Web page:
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A Commitment to Community Reaches 10-Year-Old at StatFest

1 May 2018 5,278 views No Comment
Adrian Coles and Reneé Moore
    From left: Nagambal Shah, Erica Dawson, Dawson Batemon, Brian Millen, and Reneé Moore. Millen was the keynote speaker for this year’s event. Photo by Jesse Chittams

    From left: Nagambal Shah, Erica Dawson, Dawson Batemon, Brian Millen, and Reneé Moore. Millen was the keynote speaker for this year’s event.
    Photo by Jesse Chittams

    Building supportive communities within our broad field helps create pipelines through which talented individuals from all backgrounds can enter into our discipline. One such pipeline is StatFest, which is a one-day conference aimed at encouraging undergraduate students from historically under-represented groups to consider careers and graduate studies in statistics.

    Organizers of StatFest typically endeavor to reach undergraduate and high-school students. However, they discovered their efforts to build community this year extended the pipeline to at least one person who is a bit younger.

    This year’s youngest attendee was 10-year-old Dawson Batemon, who accompanied his mother, Erica Dawson, as she balanced professional and family service.

    Erica is an epidemic intelligence officer at the US Centers for Disease Control and Prevention. She was an invited panel speaker who has learned to use the often-unavoidable overlap between professional and personal life to her advantage.

    She says, “I felt extremely comfortable bringing my son to the workshop. Everyone welcomed and embraced him. StatFest has a sense of community that enables participation from parents, like myself.” Dawson has accompanied her to several events such as this year’s StatFest and been exposed to the same guidance and wisdom used to motivate high-school and undergraduate students.

    Dawson’s favorite subject in school is mathematics, and he uses his mathematical skills as a member of the LEGO Robotics Team at his school. Erica believes her love for mathematics and the support she has received from this community has contributed to his enjoyment of mathematics.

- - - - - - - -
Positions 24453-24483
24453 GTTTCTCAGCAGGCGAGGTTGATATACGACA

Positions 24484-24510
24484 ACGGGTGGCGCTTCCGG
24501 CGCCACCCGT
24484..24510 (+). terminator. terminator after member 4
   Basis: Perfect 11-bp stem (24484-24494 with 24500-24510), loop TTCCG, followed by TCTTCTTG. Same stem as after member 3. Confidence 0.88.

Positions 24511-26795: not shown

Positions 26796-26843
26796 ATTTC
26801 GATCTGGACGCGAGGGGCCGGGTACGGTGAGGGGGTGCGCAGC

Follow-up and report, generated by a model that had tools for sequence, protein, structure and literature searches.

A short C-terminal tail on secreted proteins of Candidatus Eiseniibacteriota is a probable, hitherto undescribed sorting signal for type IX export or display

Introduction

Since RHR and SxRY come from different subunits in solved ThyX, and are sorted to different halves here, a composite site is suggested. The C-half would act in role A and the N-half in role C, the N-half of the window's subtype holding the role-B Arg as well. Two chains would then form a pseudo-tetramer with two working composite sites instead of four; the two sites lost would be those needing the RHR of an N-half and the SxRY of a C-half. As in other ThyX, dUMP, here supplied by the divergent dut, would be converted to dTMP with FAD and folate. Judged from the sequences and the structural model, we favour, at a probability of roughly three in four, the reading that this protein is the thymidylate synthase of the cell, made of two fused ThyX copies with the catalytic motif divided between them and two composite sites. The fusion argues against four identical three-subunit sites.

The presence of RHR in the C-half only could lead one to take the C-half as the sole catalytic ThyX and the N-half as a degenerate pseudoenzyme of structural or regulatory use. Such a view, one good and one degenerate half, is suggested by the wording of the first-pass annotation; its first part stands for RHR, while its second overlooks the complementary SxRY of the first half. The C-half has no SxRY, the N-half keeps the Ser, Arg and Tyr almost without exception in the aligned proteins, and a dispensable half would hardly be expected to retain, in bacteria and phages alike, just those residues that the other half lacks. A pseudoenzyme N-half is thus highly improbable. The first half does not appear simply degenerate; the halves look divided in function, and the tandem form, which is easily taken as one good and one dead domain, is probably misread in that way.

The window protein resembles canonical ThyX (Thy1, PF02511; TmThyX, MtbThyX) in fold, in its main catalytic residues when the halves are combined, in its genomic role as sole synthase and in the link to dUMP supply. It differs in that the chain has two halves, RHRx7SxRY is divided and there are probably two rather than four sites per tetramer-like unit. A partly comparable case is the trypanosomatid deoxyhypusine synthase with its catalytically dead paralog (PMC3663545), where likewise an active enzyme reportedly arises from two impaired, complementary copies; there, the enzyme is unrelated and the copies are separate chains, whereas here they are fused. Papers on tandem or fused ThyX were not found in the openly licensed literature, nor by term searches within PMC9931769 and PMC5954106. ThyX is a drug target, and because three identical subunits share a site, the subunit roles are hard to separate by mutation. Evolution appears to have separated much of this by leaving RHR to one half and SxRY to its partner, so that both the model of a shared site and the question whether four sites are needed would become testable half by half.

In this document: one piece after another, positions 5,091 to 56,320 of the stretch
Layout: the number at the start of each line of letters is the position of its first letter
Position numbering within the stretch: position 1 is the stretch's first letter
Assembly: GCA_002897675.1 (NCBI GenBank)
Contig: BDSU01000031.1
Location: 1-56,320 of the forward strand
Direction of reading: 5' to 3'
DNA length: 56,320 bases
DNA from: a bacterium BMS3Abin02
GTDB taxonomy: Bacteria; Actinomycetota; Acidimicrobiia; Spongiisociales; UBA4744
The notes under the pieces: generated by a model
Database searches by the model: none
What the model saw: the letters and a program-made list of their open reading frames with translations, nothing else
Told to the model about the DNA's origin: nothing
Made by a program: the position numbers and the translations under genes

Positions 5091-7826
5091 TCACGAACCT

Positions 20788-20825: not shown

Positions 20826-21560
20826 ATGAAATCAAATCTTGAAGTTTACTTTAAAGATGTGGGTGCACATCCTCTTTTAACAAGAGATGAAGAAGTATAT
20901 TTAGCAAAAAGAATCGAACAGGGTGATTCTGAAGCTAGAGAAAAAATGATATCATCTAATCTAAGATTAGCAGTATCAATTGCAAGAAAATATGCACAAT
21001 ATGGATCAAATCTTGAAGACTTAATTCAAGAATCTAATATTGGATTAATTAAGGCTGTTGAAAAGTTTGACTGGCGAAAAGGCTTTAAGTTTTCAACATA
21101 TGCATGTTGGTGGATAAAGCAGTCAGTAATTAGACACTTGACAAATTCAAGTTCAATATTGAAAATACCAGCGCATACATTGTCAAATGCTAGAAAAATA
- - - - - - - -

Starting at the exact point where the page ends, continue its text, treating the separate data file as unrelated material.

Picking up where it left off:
She says, “He gets a lot of exposure to opportunities beyond high school and undergraduate studies. This normalizes the notion that people from under-represented groups can successfully earn advanced degrees in mathematical sciences.”

    Program Summary

    This year’s StatFest brought 150 students and professionals to Emory University to connect to and learn from graduate students; early career professionals; and established leaders in academia, industry, and government.

    In addition, participants benefited from panel discussions that addressed topics such as careers in statistics and the graduate student experience. Participants also took advantage of structured activities that helped enhance their networking skills.

    Former ASA President Sastry Pantula provided a special presentation that highlighted student opportunities within the ASA, while former ENAR president F. Dubois Bowman provided insight into how to prepare for graduate school admission.

    A special presentation was held in honor of Nagambal Shah, founder of StatFest. She was presented with flowers and a plaque to honor her initiation of this annual event and her continued contributions to the ASA’s Committee on Minorities in Statistics (CMS).

    The chair of this year’s StatFest Planning Committee was Reneé Moore, chair of the ASA’s CMS.

    StatFest 2018 will be held at Amherst College on September 22. Check the Committee on Minorities in Statistics website for more information if you are interested in participating in the next StatFest or the CMS’s other key initiative, the Diversity Mentoring Program.

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